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"James Harden is not the player what everyone saw in Houston here" - Bobby Marks asserts talented shooting guard will be a major topic of discussion for 76ers in offseason

Miami Heat v Philadelphia 76ers - Game Six
Miami Heat v Philadelphia 76ers - Game Six
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Yash Verma

James Harden and the Philadelphia 76ers face a tricky situation going into the 2022 offseason.

Harden is eligible for a $223 million max extension, but his performances likely will not merit a $62 million payout at the age of 37.

ESPN's NBA front-office insider Bobby Marks spoke on the 76ers troubles in the offseason, particularly those around Harden:

"Certainly the toronto series there were signs, Harden played great in Game 6, there were signs in Game 1 and 2 (of the Miami Series), without Joel Embiid, the struggles he had, and when you look at Games 5 and 6 that's the James Harden for most of the season here...James Harden is not the player what everyone saw in Houston here" (via) ESPN
Bobby Marks said on todays Lowe Post that “two years from now, we’ll be talking about James Harden the way we do now about John Wall and Russell Westbrook.”

In his article, Marks suggests a contract that mimicks Chris Paul's. A shorter term deal with a better payout, resembling that of LeBron James, is also a worthwhile consideration.

The James Harden situation

Joel Embiid, left, and James Harden.
Joel Embiid, left, and James Harden.

James Harden has truly never been the same since injuring his hamstring in 2021.

When the 76ers traded away the perceived dead-weight contract of Ben Simmons and two of their premier bench players (Seth Curry, Andre Drummond), the expected outcome was certainly to create a one-two punch of titanic proportions, with the former MVP and the leading MVP candidate at the time.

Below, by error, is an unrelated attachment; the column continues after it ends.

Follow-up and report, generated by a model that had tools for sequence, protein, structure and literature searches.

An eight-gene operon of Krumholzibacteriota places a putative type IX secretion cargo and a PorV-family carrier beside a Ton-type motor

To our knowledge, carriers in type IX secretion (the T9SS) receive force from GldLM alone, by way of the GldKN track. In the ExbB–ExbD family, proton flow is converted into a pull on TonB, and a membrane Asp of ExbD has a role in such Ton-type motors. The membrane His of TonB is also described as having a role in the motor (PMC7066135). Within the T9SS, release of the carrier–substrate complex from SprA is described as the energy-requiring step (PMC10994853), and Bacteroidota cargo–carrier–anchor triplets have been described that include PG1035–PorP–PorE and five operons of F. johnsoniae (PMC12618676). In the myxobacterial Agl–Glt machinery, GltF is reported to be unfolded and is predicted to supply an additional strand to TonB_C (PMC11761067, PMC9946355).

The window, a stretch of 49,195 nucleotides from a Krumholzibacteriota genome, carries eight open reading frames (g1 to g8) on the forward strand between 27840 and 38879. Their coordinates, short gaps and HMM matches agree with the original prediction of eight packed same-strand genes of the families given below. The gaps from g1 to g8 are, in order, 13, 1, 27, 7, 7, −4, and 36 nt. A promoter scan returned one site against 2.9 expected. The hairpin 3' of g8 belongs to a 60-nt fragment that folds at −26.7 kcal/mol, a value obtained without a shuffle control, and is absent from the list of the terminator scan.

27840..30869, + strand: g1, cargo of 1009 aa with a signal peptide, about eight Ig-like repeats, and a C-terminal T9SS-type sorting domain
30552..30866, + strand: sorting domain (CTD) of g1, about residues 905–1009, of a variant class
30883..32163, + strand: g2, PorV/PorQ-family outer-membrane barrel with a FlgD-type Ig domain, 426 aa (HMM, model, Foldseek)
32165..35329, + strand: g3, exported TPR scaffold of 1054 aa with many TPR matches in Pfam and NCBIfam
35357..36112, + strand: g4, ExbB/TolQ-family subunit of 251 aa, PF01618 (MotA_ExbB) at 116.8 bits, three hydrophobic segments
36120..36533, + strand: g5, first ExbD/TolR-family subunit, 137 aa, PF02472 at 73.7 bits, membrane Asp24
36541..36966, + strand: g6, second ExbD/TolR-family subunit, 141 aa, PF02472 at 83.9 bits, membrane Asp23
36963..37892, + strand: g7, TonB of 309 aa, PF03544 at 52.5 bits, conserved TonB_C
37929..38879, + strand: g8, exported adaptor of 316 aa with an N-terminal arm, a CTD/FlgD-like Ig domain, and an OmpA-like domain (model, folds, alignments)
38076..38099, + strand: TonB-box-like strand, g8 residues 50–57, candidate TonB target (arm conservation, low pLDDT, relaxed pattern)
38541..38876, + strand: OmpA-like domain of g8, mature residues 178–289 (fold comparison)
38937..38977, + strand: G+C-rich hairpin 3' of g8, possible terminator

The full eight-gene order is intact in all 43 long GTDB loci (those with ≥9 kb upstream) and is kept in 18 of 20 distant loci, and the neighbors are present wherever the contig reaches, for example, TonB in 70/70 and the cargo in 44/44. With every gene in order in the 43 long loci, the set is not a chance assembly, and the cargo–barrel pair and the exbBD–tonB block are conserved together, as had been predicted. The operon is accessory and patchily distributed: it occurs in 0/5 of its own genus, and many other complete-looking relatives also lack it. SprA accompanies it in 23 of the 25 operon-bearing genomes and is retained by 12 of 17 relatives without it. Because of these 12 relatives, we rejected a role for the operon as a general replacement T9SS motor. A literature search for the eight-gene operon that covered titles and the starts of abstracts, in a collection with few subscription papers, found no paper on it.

However, a bruised and battered Harden could only get the 76ers so far. After a torn ligament and a fractured orbital, Joel Embiid found himself wondering how the 76ers let go of Jimmy Butler.

Daryl Morey on James Harden’s contract: “It’s a mutual love fest, so we feel like we’ll work it out.”

Harden's game has suffered severe blows, something Bobby Marks explains meticulously in his article.

Harden went from being the premier driver and three-point shooter to a facilitator who would occasionally take it to the hole.

A look at how many shooting fouls Harden has drawn in the 2021-22 season as compared to his average during his prime years in Houston gives us a clear picture of how things have changed:

Season (excluding Playoffs)Shooting Fouls Drawn
2015-16 to 2019-20323.6
2021-22233

Data: Basketball Reference

Harden has suffered a 28% drop in shooting fouls drawn this season as compared to his prime years in Houston.

The argument that his drop is solely a function of the rule change can be discarded by looking around the league. Trae Young has suffered a mere 5% drop in shooting fouls drawn (compared to the last two seasons), while Stephen Curry has suffered a 12% drop this season compared to the last three (excluding 2020-21).


Edited by Chad Marriott
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